Wide-angle lenses can render a stylized dramatic space and exaggerate movement on the depth axis; the intimate viewpoint adds a feeling of immediacy. Films by Stanley Kubrick, Terry Gilliam, Jean-Pierre Jeunet and Barry Sonnenfeld often exploit these characteristics. Telephoto lenses can emphasize the graphic qualities of the image and promote the abstraction of a plane from the space; the viewpoint is detached and formal (or voyeuristic, depending on context). Kurosawa (who was very particular about these things) used mostly long lenses together with multi-camera setups during the second half of his career.
Forced perspective is a technique that exploits the principles of familiar size and relative size, and plays with the expectations of the brain to create an illusion. Depending on context, objects are made to appear either closer or further away than they are, or smaller or larger than their actual size. In the first case, cheating the size of the object manipulates its perceived position. In the second, cheating the position of the object manipulates its perceived size. Size manipulation was perfected in the Lord of the Rings trilogy. Tweaking actors’ positions and moving set elements around in sync with the camera allowed keeping the illusion even on moving shots.
But the topic of this article is more concerned with faking distances. In its most popular form the technique uses objects smaller than their real life size to increase the perceived distance. This is most often done to effectively increase the perceived depth of the entire set. Filmmakers adopted this practical approach of faking depth very early. It was already an art in the days of the German expressionists. Using mattes to fake distant backgrounds is nothing more than a special (but simple) case of forced perspective. These used to be painted panes strategically placed on the set. Nowadays this is done mostly in post with greenscreens and CGI.
Aerial perspective and color perspective
Aerial perspective describes the effect of atmosphere on scene appearance. It is often called atmospheric perspective or tonal perspective, the latter term widely used in the context of visual arts. The scattering of skylight from various air particles creates a veil of sorts over the scene. Effectively, some amount of scattered skylight is added to the reflected scene light. The longer the distance from the viewer to the object, the stronger the effect. As a result, distant depth planes have lower contrast, lower saturation and higher brightness than closer planes, and their tones appear to converge towards the luminance (and color) of the distant sky. Aerial perspective is another reason for the presence of texture gradient in large-scale scenes. The eye needs contrast to differentiate detail, so there is a gradual loss of fine detail perception with increasing distance. And since reflected scene light is also scattered by the atmosphere, object definition itself is affected in the first place: atmosphere acts as diffusion.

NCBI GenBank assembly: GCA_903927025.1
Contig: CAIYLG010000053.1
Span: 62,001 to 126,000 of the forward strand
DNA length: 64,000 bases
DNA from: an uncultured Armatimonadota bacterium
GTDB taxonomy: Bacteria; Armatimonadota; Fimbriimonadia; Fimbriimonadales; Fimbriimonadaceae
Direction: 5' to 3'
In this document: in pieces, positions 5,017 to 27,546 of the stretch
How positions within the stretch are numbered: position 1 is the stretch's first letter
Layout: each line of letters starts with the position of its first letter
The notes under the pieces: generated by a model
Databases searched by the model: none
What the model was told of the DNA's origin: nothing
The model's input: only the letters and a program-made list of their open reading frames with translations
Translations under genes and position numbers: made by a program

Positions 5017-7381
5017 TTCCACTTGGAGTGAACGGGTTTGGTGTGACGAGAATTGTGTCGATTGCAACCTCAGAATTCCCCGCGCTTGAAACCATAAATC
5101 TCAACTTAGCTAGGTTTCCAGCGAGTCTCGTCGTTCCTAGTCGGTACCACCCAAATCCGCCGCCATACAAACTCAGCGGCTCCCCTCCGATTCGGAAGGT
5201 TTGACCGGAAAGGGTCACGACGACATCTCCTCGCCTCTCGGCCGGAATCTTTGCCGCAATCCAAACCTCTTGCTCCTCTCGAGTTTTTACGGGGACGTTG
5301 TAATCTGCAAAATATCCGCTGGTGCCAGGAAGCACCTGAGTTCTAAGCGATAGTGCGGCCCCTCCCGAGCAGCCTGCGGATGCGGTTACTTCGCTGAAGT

The accumulation of scattered skylight also creates a color shift. Since short wavelength light scatters more, there is more green and especially blue in the scattered daylight. That’s why distant objects seem to acquire a blue cast. Consequently, the conditioned brain readily agrees that warm tones in an image tend to advance, and cold tones tend to recede. This is sometimes called color perspective.
Atmospheric conditions are certainly hard to control, but the tonal perspective effect can be mimicked on a smaller scale, and that includes interiors. This is achieved through the use of artificial smoke and fog. Their higher particle density leads to much more pronounced atmospheric effects and faster color modulation with increasing distance. So infusing atmosphere into the set also creates atmospheric perspective. Even a little bit of smoke adds some fill to the shadows in the far end of the set, establishing an axial gradient of contrast. This lowers the contrast of the background and softens it, helping the subject to stand out. Rain can work in a similar fashion as a device for enhancing depth. The water droplets are much bigger particles, but they also obscure objects, scatter light and veil the distance.